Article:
Solaris ufsdump: Incremental File System Dump



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ufsdump backs up all files specified by files_to_dump (normally either a whole file system or files within a file system changed after a certain date)  to  magnetic tape, diskette, or disk file. When running ufsdump, the file system must be inactive; otherwise, the output of  ufsdump maybe inconsistent and restoring files correctly may be impossible. A file system is inactive when it is unmounted or the system is  in single user mode. A file system is not considered inactive if one tree of the file system is quiescent while another tree has files or directories being modified.

SYNTAX

# /usr/sbin/ufsdump [options] [arguments] files_to_dump

options: Single string of one letter ufsdump options.
arguments: May be multiple strings whose association with the options  is determined by order. That is, the first argument goes with the first option that takes an argument;  the second argument goes with the second option that takes an argument, and so on.
files_to_dump: is required and must be the last  argument on the command line. It specifies the files to dump. Usually it identifies a whole file system by its  raw device name (for  example, /dev/rdsk/c0t3d0s6). Incremental dumps (levels 1 to 9) of files changed after a certain date only apply to a whole file system.   Alternatively, files_to_dump can identify individual files or directories. All files or directories are dumped, which is equivalent to a level 0 dump; however, /etc/dumpdates is not updated, even with the u option specified. In all cases, the files must be contained in the same file system, and the file system must be local to the system where ufsdump is being run. If no options are given,  the default is 9uf  /dev/rmt/0 files_to_dump.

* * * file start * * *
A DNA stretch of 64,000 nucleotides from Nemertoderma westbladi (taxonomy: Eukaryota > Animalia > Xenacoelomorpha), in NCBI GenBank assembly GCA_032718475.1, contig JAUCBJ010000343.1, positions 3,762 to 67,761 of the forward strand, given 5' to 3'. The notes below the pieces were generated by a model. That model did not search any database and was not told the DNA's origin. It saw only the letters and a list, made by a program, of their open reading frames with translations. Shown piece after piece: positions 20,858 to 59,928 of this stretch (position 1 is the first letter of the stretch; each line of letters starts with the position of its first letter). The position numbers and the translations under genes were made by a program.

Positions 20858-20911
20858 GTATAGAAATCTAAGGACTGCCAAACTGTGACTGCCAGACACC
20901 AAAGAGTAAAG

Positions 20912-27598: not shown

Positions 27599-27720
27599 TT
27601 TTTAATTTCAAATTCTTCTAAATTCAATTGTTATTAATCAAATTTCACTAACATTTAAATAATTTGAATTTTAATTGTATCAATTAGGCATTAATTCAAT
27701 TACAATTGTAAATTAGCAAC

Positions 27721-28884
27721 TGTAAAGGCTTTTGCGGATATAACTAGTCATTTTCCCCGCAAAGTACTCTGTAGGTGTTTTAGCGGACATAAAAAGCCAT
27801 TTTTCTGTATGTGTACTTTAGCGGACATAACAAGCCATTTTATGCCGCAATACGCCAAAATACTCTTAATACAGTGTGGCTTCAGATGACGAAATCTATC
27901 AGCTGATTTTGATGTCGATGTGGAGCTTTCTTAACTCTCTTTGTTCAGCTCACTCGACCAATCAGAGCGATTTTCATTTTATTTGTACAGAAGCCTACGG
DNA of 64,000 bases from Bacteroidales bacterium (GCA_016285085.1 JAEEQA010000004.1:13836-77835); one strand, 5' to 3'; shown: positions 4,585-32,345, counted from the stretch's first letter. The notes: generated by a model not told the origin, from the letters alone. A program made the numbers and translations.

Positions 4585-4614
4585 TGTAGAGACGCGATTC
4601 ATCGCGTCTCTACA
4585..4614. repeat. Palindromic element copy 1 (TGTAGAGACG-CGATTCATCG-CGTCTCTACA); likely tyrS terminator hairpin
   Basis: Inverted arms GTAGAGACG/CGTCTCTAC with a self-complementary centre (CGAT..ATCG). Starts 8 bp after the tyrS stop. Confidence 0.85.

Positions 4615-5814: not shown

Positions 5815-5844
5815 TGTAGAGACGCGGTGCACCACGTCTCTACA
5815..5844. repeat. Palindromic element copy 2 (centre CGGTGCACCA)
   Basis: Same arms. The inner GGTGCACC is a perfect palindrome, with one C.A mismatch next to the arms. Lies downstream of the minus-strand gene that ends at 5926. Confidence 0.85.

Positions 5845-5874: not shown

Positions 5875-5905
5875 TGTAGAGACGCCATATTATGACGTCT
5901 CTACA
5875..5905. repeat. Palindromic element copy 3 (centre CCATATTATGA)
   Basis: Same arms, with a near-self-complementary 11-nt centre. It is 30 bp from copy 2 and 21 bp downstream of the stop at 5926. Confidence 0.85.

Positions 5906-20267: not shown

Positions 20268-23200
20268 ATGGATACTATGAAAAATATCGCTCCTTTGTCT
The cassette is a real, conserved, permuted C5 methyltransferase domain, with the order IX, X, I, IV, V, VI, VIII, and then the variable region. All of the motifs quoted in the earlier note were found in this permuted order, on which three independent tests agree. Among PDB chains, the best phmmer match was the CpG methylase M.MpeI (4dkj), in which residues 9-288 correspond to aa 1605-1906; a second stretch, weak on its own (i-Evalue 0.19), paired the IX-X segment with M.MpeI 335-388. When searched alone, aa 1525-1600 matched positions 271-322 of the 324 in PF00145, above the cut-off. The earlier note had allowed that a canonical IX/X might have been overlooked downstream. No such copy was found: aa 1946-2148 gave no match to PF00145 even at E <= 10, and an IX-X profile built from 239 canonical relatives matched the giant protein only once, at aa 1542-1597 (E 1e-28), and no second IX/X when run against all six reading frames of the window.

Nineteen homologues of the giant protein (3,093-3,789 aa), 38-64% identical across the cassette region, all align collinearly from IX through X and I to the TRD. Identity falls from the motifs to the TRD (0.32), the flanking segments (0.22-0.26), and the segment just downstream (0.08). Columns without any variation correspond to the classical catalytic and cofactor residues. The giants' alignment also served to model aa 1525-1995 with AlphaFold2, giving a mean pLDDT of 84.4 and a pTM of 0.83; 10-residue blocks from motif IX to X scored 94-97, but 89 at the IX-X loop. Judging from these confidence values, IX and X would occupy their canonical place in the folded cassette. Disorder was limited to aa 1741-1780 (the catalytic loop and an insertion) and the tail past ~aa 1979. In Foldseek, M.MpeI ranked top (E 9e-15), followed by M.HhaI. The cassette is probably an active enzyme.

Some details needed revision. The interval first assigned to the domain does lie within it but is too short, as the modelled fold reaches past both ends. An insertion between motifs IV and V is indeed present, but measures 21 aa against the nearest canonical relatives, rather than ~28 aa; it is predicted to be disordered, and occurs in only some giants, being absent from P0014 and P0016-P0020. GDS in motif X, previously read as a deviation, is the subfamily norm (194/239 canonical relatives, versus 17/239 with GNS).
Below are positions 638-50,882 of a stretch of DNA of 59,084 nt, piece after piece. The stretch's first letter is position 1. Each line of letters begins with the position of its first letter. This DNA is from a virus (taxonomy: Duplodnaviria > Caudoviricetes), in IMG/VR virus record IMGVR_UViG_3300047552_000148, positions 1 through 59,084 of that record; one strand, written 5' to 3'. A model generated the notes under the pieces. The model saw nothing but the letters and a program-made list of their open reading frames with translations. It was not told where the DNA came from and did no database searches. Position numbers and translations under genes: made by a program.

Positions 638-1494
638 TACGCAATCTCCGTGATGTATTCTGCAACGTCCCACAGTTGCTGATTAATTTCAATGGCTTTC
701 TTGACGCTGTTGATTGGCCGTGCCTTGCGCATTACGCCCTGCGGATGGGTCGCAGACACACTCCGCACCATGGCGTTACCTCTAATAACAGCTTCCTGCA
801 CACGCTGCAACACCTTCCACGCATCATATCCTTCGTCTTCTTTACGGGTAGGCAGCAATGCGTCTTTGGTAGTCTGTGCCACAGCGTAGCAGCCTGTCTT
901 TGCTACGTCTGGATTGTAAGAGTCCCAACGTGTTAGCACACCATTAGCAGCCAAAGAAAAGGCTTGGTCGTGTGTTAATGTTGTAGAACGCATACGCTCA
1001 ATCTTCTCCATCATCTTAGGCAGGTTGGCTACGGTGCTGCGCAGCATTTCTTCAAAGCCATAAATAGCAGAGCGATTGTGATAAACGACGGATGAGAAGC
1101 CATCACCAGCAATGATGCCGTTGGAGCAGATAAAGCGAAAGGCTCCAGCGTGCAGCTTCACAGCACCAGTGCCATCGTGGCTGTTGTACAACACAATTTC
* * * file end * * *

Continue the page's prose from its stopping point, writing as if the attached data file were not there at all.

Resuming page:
OPTIONS

0-9: The dump level.
a: Archive file.
b: Blocking factor.
c: Cartridge.
D: Diskette.
f: Dump file.
l: Tape drive auto load (Default is 2 minutes wait time)
n: Notify all user that  ufsdump requires attention by sending messages to their terminals.
o: Offline.
s: Specify the size of the volume being  dumped to.
S: Size estimate. Determine the amount of space that is needed to perform the dump without actually doing it, and display the estimated number of bytes it will take.
u: Update the dump record.
w: Warning. List the  file systems that have not been backed up within a day.
W: Warning with highlight. Similar to the w option, except that the W option includes all file systems that appear in /etc/dumpdates, along with information about their most recent dump dates and levels.

Example

• To make a full dump of a root file system on  c0t3d0, on a 150-MByte cartridge tape unit 0, use:

# ufsdump 0cfu /dev/rmt/0 /dev/rdsk/c0t3d0s0

• To make and verify an incremental dump at level 5 of the usr partition of c0t3d0, on a 1/2″ reel tape unit 1, use:

# ufsdump 5fuv /dev/rmt/1 /dev/rdsk/c0t3d0s6

Diagnostic

While running, ufsdump emits many verbose messages. exit codes:
• 0: Normal exit.
• 1: Startup errors encountered.
• 3: Abort – no checkpoint attempted.

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